Main Text: This manuscript is prepared considering three objectives: to present the neonatal health situation of Bangladesh on the basis of contemporary data, to compare the situation of Bangladesh with other South Asian countries and to identify some scopes for improving the neonatal health situation of Bangladesh. A rigorous literature review has been done as a main method of data collection from some renowned journals and research reports of different nation al and international health organisations published from 2001 to May 2018 and tables and graphs were made according to the objectives. The data analysis explores that, the neonatal mortality in Pakistan, Afghanistan, India, Bangladesh, Nepal and Bhutan are respectively 46, 36, 28, 23, 22 and 18, whereas Maldives and Sri Lanka has only 5 neonatal deaths per 1,000 live births in 2015, which is a great difference. Again, premature birth is high in India, Pakistan, Nepal and Bangladesh. In case of Bangladesh, the mothers’ from lowest to middle wealth quintile, the neonatal mortality rate is high than highest wealth quintile in Bangladesh where the neonatal mortality rate is nearly twice which should be a matter of great concern for Bangladesh. Besides, for some cases, neonatal health situation of Bangladesh at the national level remains in a struggling situation to improve like Sri-Lanka because of the rural area backwardness, for examples postnatal care, essential newborn care, perinatal mortality, tetanus toxoid vaccination, and for some case, all countries, except Maldives and Sri Lanka, in South Asia have shown lower participation, take an example of postnatal care for newborns.

Conclusion: Among the South Asian countries, the condition of neonatal health is not sophisticated. Many countries are still showing a poor condition in various indicators of neonatal health and need to improve more. So, this paper will be very supportive for the neonatal health researchers, medical anthropologist, medical practitioners for further studies and specifically for the health-policy makers and corresponding authorities to take necessary actions for overcoming the obstacles of improving neonatal health situation in South Asian countries as well as Bangladesh.

Open Access Review Article

Assessing the Legal Frameworks for the Protection of Internally Displaced Persons (IDPs) in the North-Eastern Nigeria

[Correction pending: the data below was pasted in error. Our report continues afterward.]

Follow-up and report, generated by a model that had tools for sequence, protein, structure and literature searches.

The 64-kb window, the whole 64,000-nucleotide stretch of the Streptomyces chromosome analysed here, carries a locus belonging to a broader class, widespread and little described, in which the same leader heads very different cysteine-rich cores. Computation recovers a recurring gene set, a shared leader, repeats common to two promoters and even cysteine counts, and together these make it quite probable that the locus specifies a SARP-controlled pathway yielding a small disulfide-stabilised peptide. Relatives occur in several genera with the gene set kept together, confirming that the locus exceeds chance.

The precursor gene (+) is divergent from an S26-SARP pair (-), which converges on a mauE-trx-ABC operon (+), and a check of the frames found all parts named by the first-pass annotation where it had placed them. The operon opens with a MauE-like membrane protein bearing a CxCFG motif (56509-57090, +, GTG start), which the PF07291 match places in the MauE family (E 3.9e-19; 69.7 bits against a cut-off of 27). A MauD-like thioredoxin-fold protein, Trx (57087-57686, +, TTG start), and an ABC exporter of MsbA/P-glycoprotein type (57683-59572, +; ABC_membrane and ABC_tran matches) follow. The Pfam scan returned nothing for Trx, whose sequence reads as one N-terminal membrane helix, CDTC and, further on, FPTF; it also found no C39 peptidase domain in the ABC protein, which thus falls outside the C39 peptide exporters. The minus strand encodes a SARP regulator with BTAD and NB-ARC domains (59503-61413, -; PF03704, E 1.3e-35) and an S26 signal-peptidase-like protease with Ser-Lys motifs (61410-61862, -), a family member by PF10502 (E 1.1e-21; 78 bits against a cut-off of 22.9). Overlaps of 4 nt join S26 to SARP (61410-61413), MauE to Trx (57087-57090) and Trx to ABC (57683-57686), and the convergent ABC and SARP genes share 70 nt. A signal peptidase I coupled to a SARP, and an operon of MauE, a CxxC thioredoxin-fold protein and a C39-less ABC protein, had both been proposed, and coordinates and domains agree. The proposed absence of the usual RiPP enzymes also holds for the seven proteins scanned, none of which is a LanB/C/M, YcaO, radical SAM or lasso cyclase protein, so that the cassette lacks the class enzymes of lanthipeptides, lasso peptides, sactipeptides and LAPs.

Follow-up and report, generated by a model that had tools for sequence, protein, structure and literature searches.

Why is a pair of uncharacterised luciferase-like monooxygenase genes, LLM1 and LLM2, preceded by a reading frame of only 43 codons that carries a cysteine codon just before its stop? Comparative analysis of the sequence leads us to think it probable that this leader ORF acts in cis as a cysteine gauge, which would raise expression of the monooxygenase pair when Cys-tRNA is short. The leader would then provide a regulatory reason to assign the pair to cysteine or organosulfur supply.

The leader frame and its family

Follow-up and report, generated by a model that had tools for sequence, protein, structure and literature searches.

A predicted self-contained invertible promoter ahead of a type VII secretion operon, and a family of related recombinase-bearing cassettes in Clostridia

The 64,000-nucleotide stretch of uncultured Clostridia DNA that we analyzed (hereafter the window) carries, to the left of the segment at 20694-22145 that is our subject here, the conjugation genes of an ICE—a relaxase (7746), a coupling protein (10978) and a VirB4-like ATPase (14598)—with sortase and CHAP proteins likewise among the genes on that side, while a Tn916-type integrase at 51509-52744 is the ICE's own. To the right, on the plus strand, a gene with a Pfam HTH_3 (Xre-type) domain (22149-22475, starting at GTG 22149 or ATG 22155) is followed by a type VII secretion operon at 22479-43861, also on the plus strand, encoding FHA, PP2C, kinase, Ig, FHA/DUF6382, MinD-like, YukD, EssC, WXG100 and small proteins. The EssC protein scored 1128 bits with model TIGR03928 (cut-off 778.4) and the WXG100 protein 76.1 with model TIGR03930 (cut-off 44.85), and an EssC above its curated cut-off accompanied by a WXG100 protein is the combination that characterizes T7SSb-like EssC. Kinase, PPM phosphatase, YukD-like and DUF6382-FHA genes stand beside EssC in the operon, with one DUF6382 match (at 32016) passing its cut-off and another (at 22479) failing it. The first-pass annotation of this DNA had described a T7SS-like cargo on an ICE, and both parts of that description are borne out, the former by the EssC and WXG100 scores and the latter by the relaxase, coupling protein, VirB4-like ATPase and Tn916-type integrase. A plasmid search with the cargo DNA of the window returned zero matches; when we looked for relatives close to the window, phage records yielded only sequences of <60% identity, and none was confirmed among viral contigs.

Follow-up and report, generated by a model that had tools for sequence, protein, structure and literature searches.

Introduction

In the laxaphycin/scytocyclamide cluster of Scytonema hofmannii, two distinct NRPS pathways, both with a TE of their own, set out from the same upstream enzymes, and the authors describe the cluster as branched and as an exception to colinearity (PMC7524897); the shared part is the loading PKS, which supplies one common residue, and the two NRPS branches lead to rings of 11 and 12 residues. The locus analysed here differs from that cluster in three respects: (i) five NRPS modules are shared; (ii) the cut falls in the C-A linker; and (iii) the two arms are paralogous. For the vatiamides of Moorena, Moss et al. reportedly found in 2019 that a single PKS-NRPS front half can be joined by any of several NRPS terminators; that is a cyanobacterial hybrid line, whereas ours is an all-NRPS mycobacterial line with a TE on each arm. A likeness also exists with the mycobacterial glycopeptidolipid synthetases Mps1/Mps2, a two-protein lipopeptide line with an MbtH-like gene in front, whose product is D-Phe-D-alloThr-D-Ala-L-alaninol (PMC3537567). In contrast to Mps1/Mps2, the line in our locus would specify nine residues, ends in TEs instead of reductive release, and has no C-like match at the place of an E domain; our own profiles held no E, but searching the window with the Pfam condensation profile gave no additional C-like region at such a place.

Tasiu Magaji, Mohammad Zaki bin Ahmad, Laila Suriya Binti Ahmad Apandi

Asian Research Journal of Arts & Social Sciences, Page 1-10
DOI: 10.9734/ARJASS/2018/45550

Force displacement is a daunting challenge facing the international community as a result of armed conflicts, insurgency and communal tension. In the same vein, Nigeria has been experiencing the problem of internal displacement as a result of the Boko Haram insurgency.  More than two million Nigerians have been internally displaced as a result of Boko Haram insurgency that has been bedeviling the country since 2009.  Internally displaced persons differ from refugees, though they have similar characteristics. The sources of displacement of refugees and IDPs may be the same and requires equal treatment. However, IDPs have been excluded under the protection of international refugee law. This is because IDPs do not cross international borders and therefore they should be under the protection of their national governments. Sometimes the national authorities are behind the reasons for their displacement or unable to protect them. This is one of the reasons IDPs have been experiencing neglect and inadequate protection. Accordingly, Nigerian IDPs have not been adequately protected, as there is no national or international legal frameworks that are directly addressed the plight of Nigerian IDPs. Therefore, the aim of this paper is to critically assess the efficacy of the domestic and international legal frameworks on internal displacement in Nigeria.  The study has adopted the use of secondary data extracted from the journals, articles, books, magazines, newspapers and reports. It employs descriptive method of data analysis. The finding is that Nigerian policy on IDPs is not effective as it has not been domesticated or implemented.

Open Access Review Article

Winner-Takes-All Politics and Democratic Consolidation in Ghana’s Fourth Republic

Frank Bitafir Ijon

Asian Research Journal of Arts & Social Sciences, Page 1-11
DOI: 10.9734/ARJASS/2018/45350

Ghana’s return to constitutional rule in 1992 has been beset with the practice of Winner-Takes-All politics which has become a worrying phenomenon for the citizens and policy makers. The main aim of this paper was to examine the effects of WTA Politics on Ghana’s drive to democratic maturity. In an attempt to fulfil the aim of the paper, documentary analysis was used as the methodology and secondary sources of data were collected through journal articles, books and online materials. The study revealed that WTA originated from the United States when President Jackson decided that the merit system only favored the few educated elites. In Ghana, WTA can be traced through the British Colonial administration which excluded the indigenes from the administration of the colony. Ideological differences, desire to kill opposition parties, mistrust and desire to stay in power for long were identified as the causes of WTA politics. The paper also found divisiveness, erosion of real democracy, deliberate wastage of human resources, and the excessive powers of the executive as the effects of WTA politics affecting Ghana’s democratic consolidation. The paper finally recommends a constitutional review to limit the powers of the president and also proscribe WTA politics.